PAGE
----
Mexico's Sinaloa cartel is behind an illicit “super tunnel” that led from a building in an industrial area of Tijuana near the U.S. border fence to a warehouse just west of the Otay Mesa, Ca., port of entry, the San Diego Union-Tribune reports. Measuring one-third of a mile, the passageway followed a zig-zagging path and was equipped with lighting, ventilation and an electric rail system. Its discovery comes two years after two other major drug tunnels were found in the same area, and it marks the fifth “super tunnel” shutdown since 2010, said San Diego U.S. Attorney Laura Duffy.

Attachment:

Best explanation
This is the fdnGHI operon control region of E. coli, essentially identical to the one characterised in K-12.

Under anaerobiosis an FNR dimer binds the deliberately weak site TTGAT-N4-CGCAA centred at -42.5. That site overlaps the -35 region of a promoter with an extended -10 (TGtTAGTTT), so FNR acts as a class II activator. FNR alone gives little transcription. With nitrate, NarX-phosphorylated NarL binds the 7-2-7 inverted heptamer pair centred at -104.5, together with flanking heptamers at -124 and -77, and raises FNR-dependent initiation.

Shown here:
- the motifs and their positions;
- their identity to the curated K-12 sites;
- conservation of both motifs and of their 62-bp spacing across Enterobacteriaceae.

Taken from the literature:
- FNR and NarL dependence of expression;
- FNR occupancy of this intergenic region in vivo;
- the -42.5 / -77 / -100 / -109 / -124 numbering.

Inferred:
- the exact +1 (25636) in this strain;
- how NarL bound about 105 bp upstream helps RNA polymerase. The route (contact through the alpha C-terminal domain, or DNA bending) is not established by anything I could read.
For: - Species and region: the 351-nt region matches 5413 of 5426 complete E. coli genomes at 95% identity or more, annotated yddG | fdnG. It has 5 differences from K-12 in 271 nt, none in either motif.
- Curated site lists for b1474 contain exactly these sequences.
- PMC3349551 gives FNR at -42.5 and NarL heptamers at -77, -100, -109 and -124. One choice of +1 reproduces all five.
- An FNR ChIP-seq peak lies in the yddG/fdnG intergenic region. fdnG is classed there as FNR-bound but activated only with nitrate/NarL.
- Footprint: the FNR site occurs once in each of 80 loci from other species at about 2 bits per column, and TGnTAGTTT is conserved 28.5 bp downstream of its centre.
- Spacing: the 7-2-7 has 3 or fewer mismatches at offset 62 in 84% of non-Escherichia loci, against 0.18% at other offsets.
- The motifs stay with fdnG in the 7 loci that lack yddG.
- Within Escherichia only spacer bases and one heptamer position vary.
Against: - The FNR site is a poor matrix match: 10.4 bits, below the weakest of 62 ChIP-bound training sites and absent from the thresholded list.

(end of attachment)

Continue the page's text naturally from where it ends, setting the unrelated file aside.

“These are structurally sound and structurally engineered tunnels,” Duffy said. “They're built by architects and engineers … it's a very labor-intensive, sophisticated, high-tech operation.” Three suspects were arrested, and more than 17,000 pounds of marijuana and about 327 pounds of cocaine were seized, with a combined street value of $12 million. The tunnel was closed “before it became operational and before it could be exploited,” said Derek Benner, agent in charge of U.S. Immigration and Customs Enforcement's Homeland Security Investigations team in San Diego. “We are by no means finished here,” Benner added. “Investigators are going to keep pursuing these folks up the chain and ultimately hold accountable those who are financing these operations, who are planning them, the designers behind them.”